Three: A Mayor Of Mean Spirit
1: A Try Out Of Iron Wrist
Shanghai Party chief, Chen Guo-dong, and Mayor Wang Dao-han, deeply appreciated Jiang Shang-qing’s favors and promotions in the old days. To pay back Jiang Shang-qing’s goodwill, they both strongly endorsed the dead man’s phony adopted son, Jiang Ze-min, to become the next Mayor of Shanghai.
Jiang Ze-min came to Shanghai during a time when urban reforms were just beginning. Citizens were faced with the prices of non-staple food products and other daily basic necessities that unexpectedly rose 17% within just one year. The high prices led to public discontent and gave rise to a student movement. At that time it’s Hu Yao-bang, who presided over the CCP’s Central Committee. And the reformist camp had the upper hand. So naturally Jiang Ze-min presented himself as being part of the reformist camp. He went to a university to make a speech to more than ten thousand students. The students believed him at the time.
During that period, Vice-President of the Chinese University Of Science and Technology, Fang Li-zhi, after returning from his study at Princeton University in the United States, gave a series of speeches advocating democratic principles. In Sept. across the strait in Taiwan, the first Opposition Party, the Democratic Progressive Party founded, and 14 years later, won the general election and set the stage for political change in Taiwan.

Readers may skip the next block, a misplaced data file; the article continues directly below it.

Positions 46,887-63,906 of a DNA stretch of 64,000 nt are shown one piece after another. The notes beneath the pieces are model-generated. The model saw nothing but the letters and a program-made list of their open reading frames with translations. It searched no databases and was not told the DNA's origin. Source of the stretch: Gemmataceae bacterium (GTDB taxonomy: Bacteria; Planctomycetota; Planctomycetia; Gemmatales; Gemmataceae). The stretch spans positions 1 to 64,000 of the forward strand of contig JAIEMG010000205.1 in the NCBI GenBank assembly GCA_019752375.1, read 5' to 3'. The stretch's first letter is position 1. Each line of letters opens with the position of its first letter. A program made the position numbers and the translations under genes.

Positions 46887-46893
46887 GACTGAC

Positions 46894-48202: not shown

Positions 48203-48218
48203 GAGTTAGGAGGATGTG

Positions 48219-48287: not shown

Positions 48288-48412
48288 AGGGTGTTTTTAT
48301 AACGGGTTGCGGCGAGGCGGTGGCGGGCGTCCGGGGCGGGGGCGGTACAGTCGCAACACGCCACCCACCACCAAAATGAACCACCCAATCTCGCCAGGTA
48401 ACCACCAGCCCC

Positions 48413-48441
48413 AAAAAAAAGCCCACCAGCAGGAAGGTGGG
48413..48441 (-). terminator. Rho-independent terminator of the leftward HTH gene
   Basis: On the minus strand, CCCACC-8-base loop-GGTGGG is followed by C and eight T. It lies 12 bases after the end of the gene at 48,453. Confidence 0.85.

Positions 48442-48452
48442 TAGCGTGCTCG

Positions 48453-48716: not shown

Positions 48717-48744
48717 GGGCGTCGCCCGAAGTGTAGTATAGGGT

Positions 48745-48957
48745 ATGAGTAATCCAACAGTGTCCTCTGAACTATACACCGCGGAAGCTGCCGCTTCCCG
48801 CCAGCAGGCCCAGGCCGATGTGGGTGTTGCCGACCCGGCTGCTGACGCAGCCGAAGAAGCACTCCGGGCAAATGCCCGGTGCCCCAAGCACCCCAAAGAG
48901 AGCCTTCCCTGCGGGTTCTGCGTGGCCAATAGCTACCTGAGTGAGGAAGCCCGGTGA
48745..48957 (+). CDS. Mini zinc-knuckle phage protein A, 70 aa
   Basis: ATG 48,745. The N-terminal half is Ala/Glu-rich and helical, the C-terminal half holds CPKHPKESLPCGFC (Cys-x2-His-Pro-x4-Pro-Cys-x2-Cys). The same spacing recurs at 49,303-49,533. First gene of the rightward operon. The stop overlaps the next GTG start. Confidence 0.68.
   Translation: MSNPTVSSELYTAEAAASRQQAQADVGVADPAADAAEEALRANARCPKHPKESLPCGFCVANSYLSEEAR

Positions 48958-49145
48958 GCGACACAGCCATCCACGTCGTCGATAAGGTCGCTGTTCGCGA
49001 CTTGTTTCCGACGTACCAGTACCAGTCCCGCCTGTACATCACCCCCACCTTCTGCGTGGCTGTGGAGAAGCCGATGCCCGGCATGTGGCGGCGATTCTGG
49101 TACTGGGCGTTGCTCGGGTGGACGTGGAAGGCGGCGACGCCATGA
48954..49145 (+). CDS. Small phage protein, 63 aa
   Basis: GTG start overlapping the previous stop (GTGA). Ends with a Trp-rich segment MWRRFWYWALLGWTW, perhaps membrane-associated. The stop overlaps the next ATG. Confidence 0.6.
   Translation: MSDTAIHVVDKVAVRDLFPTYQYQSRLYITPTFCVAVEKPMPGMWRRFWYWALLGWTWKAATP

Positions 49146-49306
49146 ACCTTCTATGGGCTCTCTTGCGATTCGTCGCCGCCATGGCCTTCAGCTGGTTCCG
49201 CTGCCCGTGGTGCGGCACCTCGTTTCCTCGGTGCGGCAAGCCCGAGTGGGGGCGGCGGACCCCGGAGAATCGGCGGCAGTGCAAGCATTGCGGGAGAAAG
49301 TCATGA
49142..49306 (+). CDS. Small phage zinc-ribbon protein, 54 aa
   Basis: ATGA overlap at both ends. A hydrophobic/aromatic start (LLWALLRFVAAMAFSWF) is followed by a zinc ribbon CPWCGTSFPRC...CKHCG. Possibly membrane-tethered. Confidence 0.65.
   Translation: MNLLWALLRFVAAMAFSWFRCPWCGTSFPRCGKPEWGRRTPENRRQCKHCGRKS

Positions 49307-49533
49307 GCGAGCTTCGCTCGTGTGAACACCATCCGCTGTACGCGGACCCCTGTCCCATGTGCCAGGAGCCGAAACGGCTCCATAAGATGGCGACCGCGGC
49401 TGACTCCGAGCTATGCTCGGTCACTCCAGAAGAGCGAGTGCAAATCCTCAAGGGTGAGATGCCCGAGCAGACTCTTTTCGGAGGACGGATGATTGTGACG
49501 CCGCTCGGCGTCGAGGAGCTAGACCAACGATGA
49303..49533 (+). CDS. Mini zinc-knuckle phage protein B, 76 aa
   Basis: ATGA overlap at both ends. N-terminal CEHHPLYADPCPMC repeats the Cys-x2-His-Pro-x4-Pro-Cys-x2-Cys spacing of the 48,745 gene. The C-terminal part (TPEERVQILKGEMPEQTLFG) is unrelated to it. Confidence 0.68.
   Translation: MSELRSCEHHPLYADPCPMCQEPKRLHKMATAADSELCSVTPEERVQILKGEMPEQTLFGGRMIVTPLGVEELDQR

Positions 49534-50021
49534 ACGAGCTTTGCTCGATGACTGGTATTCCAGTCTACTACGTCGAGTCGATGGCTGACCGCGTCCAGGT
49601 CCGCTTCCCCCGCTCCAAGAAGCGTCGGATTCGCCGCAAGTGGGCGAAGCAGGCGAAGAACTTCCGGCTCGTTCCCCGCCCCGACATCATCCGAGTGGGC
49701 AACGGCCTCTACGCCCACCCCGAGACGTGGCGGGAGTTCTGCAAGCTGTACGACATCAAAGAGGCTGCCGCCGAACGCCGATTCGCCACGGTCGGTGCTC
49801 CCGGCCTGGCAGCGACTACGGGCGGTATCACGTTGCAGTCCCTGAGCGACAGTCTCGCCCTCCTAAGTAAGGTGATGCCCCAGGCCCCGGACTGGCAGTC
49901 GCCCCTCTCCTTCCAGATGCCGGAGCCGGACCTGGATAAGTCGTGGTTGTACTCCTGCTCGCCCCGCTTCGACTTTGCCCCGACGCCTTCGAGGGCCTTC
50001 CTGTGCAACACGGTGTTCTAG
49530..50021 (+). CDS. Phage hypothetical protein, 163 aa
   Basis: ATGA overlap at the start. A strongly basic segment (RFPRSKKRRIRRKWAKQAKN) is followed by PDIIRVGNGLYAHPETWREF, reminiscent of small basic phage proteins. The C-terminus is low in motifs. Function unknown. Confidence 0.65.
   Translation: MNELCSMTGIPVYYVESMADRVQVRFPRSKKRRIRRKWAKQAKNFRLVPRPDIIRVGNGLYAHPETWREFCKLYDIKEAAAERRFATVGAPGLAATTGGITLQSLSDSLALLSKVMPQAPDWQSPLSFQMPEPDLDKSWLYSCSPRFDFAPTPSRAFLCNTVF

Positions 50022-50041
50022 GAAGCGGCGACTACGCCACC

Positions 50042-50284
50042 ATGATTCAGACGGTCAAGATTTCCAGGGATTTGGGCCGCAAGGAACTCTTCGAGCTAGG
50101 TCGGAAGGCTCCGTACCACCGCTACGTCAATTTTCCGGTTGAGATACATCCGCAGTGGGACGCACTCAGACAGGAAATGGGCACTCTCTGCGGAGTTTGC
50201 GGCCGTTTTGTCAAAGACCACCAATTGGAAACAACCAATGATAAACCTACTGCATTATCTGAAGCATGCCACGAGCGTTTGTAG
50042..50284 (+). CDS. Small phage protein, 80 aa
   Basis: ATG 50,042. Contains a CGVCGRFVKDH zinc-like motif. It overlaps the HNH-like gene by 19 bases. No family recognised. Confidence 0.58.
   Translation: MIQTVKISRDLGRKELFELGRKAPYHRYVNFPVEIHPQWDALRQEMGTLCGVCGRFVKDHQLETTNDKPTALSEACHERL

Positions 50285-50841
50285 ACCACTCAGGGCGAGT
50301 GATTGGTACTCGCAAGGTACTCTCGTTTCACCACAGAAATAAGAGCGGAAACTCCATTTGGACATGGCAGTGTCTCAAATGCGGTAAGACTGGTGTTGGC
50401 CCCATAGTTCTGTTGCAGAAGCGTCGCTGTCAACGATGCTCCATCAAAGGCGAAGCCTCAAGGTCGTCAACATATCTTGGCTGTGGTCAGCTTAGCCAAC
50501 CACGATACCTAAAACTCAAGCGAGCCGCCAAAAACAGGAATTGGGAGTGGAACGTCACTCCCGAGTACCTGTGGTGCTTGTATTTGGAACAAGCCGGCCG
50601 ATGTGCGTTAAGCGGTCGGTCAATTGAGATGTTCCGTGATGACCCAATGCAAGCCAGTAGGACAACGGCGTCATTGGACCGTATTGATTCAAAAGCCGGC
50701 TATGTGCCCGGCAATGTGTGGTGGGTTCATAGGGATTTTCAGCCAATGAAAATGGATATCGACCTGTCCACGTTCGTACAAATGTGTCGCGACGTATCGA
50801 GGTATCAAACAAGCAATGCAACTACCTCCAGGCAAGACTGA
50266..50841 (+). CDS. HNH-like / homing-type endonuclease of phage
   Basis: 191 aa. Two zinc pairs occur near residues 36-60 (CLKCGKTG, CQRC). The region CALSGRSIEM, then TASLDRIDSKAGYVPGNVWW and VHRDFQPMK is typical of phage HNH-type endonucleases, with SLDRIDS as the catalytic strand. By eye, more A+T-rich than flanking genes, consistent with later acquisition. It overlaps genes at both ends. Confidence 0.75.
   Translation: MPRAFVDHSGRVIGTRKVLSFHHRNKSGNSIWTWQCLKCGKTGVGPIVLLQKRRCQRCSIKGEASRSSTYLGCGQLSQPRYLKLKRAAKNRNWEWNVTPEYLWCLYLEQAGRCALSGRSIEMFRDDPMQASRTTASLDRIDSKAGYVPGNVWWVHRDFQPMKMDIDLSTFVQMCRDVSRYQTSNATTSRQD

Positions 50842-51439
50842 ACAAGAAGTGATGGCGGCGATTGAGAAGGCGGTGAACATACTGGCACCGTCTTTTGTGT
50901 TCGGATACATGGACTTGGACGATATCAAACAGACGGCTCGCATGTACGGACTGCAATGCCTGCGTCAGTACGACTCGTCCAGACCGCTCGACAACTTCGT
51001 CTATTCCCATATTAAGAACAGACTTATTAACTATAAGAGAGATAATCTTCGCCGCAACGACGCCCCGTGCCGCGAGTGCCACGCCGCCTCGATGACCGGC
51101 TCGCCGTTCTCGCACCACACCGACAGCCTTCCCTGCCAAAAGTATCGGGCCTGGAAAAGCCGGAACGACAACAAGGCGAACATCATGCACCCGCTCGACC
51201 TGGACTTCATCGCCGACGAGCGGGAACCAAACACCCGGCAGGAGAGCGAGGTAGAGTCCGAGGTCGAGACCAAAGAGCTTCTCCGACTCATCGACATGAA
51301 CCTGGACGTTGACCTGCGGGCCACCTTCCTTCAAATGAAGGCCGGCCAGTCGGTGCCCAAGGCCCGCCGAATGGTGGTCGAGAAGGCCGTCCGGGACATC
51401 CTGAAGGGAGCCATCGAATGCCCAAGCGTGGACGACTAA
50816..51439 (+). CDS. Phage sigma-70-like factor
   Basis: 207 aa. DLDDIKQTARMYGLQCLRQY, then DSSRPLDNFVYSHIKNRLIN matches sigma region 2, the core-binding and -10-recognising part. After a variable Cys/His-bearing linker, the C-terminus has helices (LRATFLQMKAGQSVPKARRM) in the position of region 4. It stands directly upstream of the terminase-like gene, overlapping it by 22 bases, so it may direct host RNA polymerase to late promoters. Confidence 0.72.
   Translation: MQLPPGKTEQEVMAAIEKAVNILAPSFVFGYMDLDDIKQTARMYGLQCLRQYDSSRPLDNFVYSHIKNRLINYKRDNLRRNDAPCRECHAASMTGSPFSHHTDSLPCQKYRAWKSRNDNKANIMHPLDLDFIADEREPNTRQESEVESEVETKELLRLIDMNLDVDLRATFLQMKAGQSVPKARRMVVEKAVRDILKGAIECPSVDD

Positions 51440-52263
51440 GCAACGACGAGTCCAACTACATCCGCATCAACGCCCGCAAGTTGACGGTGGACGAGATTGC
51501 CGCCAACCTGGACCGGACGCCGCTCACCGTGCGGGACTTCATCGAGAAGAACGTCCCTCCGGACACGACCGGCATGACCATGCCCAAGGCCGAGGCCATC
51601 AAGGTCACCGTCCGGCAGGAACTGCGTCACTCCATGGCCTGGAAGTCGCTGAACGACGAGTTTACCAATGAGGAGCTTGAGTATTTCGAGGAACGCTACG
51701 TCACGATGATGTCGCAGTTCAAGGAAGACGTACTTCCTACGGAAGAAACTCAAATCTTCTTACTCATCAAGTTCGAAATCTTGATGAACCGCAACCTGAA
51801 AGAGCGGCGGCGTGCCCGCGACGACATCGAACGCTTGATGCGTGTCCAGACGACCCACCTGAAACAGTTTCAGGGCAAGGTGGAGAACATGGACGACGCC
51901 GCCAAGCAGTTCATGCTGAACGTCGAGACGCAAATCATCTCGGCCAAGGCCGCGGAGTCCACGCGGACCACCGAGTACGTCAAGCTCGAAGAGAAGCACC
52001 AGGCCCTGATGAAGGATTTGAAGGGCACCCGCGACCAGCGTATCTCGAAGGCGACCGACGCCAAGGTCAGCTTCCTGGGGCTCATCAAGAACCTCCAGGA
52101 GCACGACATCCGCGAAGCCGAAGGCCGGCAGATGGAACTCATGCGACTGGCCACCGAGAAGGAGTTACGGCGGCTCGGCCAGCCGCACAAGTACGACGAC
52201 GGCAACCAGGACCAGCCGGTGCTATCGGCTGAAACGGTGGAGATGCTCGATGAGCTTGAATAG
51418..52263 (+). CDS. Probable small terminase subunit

At the end of 1986, the Party Committee of the University of Science and Technology, refused the students to run against the designated candidates for the People’s Representative positions in the elections in Anhui Province. More than ten thousand students from the University took to the streets to demonstrate. The outcries later spread all over the country.
Students in Shanghai, requested dialogue with Jiang Ze-min, and demanded political reform, freedom of the press, and a loosening of the governmental control. Jiang Ze-min resorted to his old tricks, and took Chen Zhi-li, the Minister of Propaganda with him, to give a speech at Shanghai Jiao Tong University. He stepped onto the podium, a sheet of paper in hand, put on his thick glasses, unfolded his paper, and proceeded to speak about the achievement of the Five Year Economic Plan. The students, however, were noticeably disinterested. The three thousand plus students booed and hissed at him, and some began shouting slogans.
Jiang Ze-min with sternness in his voice pointed at the most boisterous student, and said: Jeering about me won’t get you anywhere! Let me tell you, I have seen plenty upheavals! What’s your name? I dare you to come up the podium! I dare you to make a speech!
To his surprise, the student did get up and walked up to the podium. He took the microphone and began talking confidently about the news and democracy. Then about ten other students sprung up and went to the podium, standing face to face with Jiang Ze-min, ready to debate. Jiang Ze-min’s legs began to shake as things escalated. Most shocking to him was that the students went so far as to ask an extremely touchy question:”How did you become the Mayor?”